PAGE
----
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Smart cruise planning: Essential tips and gear for a seamless journey

Our handy guide helps you make informed choices about cruise lengths, packing essentials and pre-cruise preparation


By Ron LaPedis

Let’s be honest. How many of you have an app running on your cellphone that is counting down the years, months, days, hours, minutes, seconds and perhaps milliseconds until your pension kicks in and you can hit the road on your retirement dream vacation?

You could go hunting, fishing, or camping, or perhaps plan for a retirement cruise.

I’ve been on several cruises and have met many fellow cruisers who are taking their retirement cruise. In fact, I am writing this while taking a 16-day cruise from Japan to Singapore. I booked this one-month trip in 2018 when I retired from my day job to become a full-time firearms instructor and columnist for Police1.

Why book a cruise?

There are cruises themed for everyone, from adventure, hunting, and fishing to food (including specific diets and allergies), adult beverages, movie franchises, and yes, even all things Disney. The major difference from other types of vacations is that your hotel room moves with you, allowing you to visit anywhere from a handful to hundreds of cities without needing to pack and unpack every few days.

For the best cruise deals, explore options through affinity groups like benevolent organizations, auto clubs, and credit unions. Flexibility with your destination and trip duration can also lead to better deals. Booking well in advance often results in significant savings on specific cruises, while last-minute deals on unsold cabins can also offer great value. Additionally, reading reviews on websites like TripAdvisor can help you compare different cruise lines and make an informed decision.

When booking a cruise, consider both the origination and destination, and how you’ll travel to and from these points. For instance, if you’re based in Omaha, opting for a 7-day cruise starting in Japan may not be ideal. Travel time alone could take up to three days, significantly cutting into your vacation time even before you board the ship.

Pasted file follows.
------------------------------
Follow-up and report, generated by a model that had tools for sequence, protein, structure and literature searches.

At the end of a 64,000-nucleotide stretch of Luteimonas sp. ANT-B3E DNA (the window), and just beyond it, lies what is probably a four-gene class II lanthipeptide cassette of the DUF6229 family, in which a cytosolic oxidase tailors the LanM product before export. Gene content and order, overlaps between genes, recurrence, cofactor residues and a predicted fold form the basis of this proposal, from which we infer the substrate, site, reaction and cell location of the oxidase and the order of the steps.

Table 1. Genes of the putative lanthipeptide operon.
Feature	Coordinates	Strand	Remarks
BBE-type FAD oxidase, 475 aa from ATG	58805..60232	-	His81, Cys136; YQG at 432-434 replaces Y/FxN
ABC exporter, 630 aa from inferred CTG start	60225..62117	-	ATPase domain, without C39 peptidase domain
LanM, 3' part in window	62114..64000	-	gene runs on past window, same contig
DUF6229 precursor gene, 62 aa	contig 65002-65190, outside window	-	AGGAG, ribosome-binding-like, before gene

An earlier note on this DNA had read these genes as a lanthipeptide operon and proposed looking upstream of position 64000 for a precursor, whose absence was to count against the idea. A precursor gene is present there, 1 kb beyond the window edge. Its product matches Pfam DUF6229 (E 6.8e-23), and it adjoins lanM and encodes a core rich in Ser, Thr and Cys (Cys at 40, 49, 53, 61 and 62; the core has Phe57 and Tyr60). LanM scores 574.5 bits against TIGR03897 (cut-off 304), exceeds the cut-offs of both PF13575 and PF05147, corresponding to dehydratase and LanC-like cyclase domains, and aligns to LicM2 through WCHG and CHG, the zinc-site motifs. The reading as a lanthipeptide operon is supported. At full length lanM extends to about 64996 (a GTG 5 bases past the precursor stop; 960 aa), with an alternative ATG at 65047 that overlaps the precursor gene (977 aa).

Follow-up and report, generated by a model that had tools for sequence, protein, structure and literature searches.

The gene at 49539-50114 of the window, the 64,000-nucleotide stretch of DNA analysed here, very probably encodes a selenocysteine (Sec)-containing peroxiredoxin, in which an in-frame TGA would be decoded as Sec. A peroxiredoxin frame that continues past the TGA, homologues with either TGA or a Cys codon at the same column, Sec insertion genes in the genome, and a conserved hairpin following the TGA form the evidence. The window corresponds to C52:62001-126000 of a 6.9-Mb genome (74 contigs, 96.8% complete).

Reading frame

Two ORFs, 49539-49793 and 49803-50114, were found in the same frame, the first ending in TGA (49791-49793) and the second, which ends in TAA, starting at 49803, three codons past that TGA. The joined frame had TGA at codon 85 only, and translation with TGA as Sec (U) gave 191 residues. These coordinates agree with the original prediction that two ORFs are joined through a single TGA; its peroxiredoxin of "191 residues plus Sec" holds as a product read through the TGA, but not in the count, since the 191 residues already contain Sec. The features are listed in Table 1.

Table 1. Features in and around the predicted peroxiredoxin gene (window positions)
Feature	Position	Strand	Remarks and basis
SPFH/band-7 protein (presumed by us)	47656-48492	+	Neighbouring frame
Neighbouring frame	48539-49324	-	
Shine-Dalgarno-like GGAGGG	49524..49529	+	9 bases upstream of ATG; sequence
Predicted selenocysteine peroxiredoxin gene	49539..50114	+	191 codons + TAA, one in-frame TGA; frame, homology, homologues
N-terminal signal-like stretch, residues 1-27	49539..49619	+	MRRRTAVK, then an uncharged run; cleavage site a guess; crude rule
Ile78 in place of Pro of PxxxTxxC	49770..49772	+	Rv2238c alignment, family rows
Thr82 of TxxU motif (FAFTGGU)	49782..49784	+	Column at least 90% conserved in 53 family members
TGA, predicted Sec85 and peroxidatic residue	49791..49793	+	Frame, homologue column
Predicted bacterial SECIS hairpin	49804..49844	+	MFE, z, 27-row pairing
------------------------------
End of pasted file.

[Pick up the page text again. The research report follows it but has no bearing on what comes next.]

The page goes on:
Some cruises offer the option to be booked back-to-back, allowing you to combine a 7-day and a 10-day cruise into a seamless 17-day journey. For example, I experienced a Panama Canal cruise that started in Fort Lauderdale and ended in San Diego, with a few extra days spent exploring each city before and after the cruise.

While cruising, you won’t need to pack and unpack for each city you visit, but you will need appropriate clothing and supplies for the duration of your journey. If your cruise includes international stops with plans to explore cities before and after, consider bringing electrical adapters and securing an international cellphone plan. However, it’s important to remember that, despite possibly being part of your everyday carry for years, weapons of any kind, including knives and firearms, are not permitted on board.

So along with your cares, leave them at home and get ready to cruise with some of my best practices for a carefree cruise vacation.

Before you leave home

Do you have a passport? Make sure it expires at least six months after your cruise ends. Many countries now require international visitors to have a certain amount of validity left on their passports before allowing entry or issuing a visa. While some countries may only require three months, six months of validity has increasingly become the standard. Remember, obtaining a first-time or renewal passport can take up to three months or more.

Many credit cards reimburse you for the United States’ TSA Pre-Check or Global Entry programs. Might as well take advantage of one or the other. You need to book your interview appointment well in advance.


Your ship may offer one or more of these options:

  • Free, low-cost, or premium Wi-Fi packages. If you have Wi-Fi calling on your cellular plan, just keep airplane mode turned on and use Wi-Fi calling.
  • Cellular service onboard. This is different than international roaming. To avoid excessive fees, you may need to add a cellular cruise package if your carrier offers it.

Your carrier may offer one or more international roaming plans. For a few dollars a day, you get access to voice and data calls from wherever you are as long as you are not connecting to the ship’s cell service.

I went a different route and purchased an international Wi-Fi hotspot. These devices link to a local cellular carrier on one side and provide a Wi-Fi signal for your phones, tablets and laptops. I can connect a dozen devices while paying one low rate instead of per-device fees. I’ve had great success with the Solis Lite 4G LTE WiFi mobile hotspot and SIMO Solis 5G WiFi mobile hotspot. I use the Daypass option so I only pay for the days that I use the device.